Tax holidays are a bad idea: India's IT sector is proving it
Developing nations give tax breaks to industries in the hope of creating jobs for their growing populations. The revenue forgone can be recovered in later years, once the sector becomes self-sustaining.
Based on this logic, the Government of India had given a two-decade long tax holiday to the Information Technology (IT) sector. During this tax holiday, IT companies became the centre of job creation for the middle classes of India.
Under the Software Technology Parks of India (STPI) scheme, IT companies were not only exempt from paying corporate tax, whih ranges between 25% and 33%, they were also provided cheap land to set up those parks.
The scheme lasted till 2011. Thanks to this tax holiday, the IT sector's contribution to India's GDP stands above 8% today, with over 3.5 million people directly employed.
However, the situation is changing fast. While the contribution of the sector to India's GDP may increase in the coming years, the number of people it employs is going to come down sharply.
Job loss on the horizon
A report from US firm HfS Research says that automation is going to take away 6.4 lakh low-skilled jobs - or nearly one in five jobs - in India's IT and BPO sectors in the next five years.
For over two decades, Indian IT companies were billing their clients on the basis of their working staff on a particular project. However, now, this model has changed to reducing the number of people, in order to increase margins.
At the moment, it is being claimed that only low-end jobs are under threat, but in the world of technology, it is hard to define when a high-end job becomes low-end.
What happens to the Indian demography?
The Indian demography seems to be heading towards great distress in the coming years. Currently, India has a workforce of 500 million (50 crore). It needs to generate 10 million (one crore) jobs every year for the next two decades. If it fails to do that, the young workforce will end up unemployed people, resulting in social unrest.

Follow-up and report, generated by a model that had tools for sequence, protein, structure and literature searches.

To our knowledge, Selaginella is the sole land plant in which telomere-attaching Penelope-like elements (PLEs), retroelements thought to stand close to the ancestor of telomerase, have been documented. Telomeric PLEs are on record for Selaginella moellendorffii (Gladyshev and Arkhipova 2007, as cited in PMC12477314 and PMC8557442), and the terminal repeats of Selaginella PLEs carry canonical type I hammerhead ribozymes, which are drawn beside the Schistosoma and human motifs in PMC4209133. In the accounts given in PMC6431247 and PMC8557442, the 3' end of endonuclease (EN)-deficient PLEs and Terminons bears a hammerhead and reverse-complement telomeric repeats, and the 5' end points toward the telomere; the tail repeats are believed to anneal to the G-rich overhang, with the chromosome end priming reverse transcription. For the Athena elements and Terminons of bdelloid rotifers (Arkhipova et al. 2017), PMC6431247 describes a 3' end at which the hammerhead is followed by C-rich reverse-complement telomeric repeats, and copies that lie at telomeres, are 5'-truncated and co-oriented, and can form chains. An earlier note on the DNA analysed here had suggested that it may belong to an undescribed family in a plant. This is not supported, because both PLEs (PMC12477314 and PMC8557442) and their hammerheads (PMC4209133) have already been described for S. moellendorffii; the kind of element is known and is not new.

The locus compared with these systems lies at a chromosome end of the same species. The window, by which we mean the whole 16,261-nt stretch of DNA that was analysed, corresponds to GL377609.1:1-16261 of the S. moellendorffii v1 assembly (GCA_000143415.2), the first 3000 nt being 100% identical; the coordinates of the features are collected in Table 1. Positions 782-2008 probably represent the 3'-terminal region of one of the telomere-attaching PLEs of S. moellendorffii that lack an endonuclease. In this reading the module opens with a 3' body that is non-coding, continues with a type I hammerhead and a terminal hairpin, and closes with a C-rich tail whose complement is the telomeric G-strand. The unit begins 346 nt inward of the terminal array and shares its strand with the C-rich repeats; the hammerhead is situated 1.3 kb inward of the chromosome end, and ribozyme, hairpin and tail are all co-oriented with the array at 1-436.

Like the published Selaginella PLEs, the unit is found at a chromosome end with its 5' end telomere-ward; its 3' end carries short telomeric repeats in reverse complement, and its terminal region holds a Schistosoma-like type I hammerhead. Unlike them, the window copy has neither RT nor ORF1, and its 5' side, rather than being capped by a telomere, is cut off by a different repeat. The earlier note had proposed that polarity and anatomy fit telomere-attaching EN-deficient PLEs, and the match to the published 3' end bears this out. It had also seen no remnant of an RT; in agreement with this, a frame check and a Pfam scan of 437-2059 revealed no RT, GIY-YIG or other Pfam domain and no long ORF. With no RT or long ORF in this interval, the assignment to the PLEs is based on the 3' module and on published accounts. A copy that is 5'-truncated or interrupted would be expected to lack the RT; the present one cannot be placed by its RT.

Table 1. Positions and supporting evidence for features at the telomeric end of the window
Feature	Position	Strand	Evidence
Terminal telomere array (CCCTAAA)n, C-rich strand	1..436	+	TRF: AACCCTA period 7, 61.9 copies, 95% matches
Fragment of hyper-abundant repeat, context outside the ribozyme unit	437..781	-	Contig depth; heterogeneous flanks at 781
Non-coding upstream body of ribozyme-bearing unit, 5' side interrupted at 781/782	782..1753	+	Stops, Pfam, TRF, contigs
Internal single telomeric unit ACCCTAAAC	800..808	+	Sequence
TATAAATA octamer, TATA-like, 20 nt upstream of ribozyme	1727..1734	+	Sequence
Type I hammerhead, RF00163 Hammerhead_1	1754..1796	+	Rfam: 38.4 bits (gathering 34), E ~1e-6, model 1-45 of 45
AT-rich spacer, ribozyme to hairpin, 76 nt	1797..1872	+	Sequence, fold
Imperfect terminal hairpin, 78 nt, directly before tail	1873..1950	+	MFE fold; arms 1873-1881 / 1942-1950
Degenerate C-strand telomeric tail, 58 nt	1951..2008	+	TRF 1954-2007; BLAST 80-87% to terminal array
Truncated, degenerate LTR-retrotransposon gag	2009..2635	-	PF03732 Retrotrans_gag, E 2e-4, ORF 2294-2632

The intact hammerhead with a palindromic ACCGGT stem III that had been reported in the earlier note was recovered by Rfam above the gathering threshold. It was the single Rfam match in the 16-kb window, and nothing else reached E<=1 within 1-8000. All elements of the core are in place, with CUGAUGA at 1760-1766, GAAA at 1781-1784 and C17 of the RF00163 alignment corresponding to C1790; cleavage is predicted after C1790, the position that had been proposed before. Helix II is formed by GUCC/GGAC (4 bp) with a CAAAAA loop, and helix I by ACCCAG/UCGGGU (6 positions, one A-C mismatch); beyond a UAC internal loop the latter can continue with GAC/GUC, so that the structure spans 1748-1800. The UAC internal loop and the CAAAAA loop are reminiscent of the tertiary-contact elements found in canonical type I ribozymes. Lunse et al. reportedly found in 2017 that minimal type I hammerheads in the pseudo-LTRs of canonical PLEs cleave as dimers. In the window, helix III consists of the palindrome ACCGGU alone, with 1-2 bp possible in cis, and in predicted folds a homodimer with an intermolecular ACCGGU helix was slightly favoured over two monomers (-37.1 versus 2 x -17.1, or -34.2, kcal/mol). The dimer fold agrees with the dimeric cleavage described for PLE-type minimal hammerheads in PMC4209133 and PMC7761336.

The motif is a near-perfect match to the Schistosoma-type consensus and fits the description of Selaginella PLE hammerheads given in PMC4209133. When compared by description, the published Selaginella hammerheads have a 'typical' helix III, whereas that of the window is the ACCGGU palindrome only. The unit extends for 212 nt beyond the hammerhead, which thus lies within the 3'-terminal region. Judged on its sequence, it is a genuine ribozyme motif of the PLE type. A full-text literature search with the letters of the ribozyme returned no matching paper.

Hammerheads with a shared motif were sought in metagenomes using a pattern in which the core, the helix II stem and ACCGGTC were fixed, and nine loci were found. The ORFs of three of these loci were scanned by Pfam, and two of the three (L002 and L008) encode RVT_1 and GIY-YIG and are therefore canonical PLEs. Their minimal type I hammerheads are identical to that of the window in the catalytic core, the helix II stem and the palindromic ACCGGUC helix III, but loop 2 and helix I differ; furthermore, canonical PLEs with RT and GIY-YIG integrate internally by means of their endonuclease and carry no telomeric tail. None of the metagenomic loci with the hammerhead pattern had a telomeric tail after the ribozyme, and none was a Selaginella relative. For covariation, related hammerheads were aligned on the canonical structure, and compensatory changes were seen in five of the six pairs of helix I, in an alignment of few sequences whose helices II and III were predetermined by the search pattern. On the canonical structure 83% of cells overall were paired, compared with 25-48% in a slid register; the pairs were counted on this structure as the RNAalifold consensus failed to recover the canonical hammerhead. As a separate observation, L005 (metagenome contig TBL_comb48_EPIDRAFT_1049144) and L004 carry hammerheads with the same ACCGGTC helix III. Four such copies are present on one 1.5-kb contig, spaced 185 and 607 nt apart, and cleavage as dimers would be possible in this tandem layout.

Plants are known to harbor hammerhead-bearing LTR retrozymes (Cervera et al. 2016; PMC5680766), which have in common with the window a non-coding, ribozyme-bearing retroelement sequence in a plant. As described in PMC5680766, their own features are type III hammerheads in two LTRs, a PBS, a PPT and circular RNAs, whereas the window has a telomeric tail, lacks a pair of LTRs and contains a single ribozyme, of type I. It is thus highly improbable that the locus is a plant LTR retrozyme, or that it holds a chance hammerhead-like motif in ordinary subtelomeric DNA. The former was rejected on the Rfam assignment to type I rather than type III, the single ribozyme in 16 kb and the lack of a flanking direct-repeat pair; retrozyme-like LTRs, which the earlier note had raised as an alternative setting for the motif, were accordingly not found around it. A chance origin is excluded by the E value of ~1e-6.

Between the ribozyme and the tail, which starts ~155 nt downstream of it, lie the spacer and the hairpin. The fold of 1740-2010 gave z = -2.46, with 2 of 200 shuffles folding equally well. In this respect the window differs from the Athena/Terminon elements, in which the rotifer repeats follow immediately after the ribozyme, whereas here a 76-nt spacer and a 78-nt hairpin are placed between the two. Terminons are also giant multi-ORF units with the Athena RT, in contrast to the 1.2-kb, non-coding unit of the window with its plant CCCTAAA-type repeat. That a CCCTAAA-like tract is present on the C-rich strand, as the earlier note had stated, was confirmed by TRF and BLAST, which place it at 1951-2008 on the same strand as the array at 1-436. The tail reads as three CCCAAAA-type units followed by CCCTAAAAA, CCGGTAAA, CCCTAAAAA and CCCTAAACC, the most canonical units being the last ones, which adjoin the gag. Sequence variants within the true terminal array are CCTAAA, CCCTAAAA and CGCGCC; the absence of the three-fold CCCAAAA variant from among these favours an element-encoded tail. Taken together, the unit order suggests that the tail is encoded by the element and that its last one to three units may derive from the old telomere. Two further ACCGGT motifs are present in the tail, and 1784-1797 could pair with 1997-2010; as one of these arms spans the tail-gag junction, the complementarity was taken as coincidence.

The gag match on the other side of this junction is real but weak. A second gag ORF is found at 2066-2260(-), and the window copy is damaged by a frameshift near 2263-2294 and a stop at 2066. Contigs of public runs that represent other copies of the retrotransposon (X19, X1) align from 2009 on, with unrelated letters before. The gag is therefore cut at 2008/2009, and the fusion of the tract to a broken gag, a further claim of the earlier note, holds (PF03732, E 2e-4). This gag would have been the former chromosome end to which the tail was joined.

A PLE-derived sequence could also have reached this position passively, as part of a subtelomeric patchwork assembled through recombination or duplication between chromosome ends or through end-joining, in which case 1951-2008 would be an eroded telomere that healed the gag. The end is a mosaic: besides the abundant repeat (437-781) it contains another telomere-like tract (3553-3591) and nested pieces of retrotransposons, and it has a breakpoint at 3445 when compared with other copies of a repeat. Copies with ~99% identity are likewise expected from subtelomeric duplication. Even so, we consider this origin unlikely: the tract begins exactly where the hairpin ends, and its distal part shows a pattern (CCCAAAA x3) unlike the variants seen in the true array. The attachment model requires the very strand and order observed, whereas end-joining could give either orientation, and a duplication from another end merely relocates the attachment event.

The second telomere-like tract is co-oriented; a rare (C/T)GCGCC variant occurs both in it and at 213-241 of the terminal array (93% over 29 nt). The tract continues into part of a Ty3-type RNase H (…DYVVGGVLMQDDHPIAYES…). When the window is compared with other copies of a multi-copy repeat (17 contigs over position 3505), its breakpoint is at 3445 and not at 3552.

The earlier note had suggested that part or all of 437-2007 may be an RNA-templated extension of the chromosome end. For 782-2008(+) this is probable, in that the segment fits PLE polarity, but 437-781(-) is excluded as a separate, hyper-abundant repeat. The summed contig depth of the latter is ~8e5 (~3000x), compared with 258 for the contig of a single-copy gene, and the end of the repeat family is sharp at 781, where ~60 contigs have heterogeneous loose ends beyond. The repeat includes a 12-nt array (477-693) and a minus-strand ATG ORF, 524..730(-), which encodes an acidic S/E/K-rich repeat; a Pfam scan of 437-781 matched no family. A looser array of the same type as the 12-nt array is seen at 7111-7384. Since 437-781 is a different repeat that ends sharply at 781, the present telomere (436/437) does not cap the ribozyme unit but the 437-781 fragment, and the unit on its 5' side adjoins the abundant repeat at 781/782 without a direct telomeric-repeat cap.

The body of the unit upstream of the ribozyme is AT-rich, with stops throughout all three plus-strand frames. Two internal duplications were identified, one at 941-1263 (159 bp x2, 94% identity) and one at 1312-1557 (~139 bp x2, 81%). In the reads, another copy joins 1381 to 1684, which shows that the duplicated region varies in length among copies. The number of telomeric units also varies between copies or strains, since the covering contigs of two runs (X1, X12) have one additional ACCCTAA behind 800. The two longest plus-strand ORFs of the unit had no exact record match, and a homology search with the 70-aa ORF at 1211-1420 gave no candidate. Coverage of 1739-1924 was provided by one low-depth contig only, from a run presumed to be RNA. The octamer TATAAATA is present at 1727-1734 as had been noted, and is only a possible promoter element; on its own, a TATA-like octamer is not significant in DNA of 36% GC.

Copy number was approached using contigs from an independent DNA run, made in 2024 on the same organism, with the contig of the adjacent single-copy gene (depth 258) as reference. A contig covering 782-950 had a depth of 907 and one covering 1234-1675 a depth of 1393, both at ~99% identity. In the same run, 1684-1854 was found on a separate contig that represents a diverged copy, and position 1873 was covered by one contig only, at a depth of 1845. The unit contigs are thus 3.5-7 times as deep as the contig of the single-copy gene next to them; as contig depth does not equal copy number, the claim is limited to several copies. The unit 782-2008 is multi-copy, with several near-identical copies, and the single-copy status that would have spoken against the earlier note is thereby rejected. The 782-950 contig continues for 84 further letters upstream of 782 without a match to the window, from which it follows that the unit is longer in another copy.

Is there a solution?
It is not possible to stop companies from using technology. But it is quite possible to ensure that governments use tax benefits for sectors that are labour intensive.
For example, the current government is considering a 10-year tax holiday for the electronics manufacturing sector.
The idea was proposed by the top government think tank, the NITI Aayog, which argued that a tax holiday will help multinational companies - who invest over $1 billion - to create jobs in India.
But the world of electronic manufacturing, too, is moving towards automation.
A clear example of this is Foxconn, one of the biggest mobile phone manufacturing companies in the world. The company laid off as many as 60,000 people at one go in May this year. The people in the company were replaced by robots.
The Indian government has been wooing Foxconn and many other companies with a similar work model. Therefore, before extending any new tax holiday to any sector, this question must be asked: will the companies in the sector generate enough jobs to make up for the revenue lost?
In an article in Business Today, Jayati Ghosh, a professor of economics at Jawaharlal Nehru University, wrote: "India has one of the lowest tax-to-GDP ratios in the world. At less than 185, it is also the lowest among BRICS countries. Brazil leads with 34%, South Africa is next at 27%, followed by China at 22% and Russia at 19.5%."
Ghosh further added: "While the rate of tax on corporate profits in 2013-14 was 33.2%, the average effective tax paid by 90% of corporates was only 23.2%."
Clearly, this is a result of too many tax breaks given to individuals, as well as corporations.
All this money could have gone into other welfare activities for India's large population.
Lessons from the IT sector
Giving tax breaks may not entirely be a bad idea to promote a sector in the initial days. But allowing corporates to make profits for over two decades is an atrocious decision.
The government promoted the IT sector for over 20 years at the cost of other sectors, only to realise that the sector will soon start employing robots, leaving India's millions of youth jobless.
This mistake should not be repeated.
Edited by Shreyas Sharma
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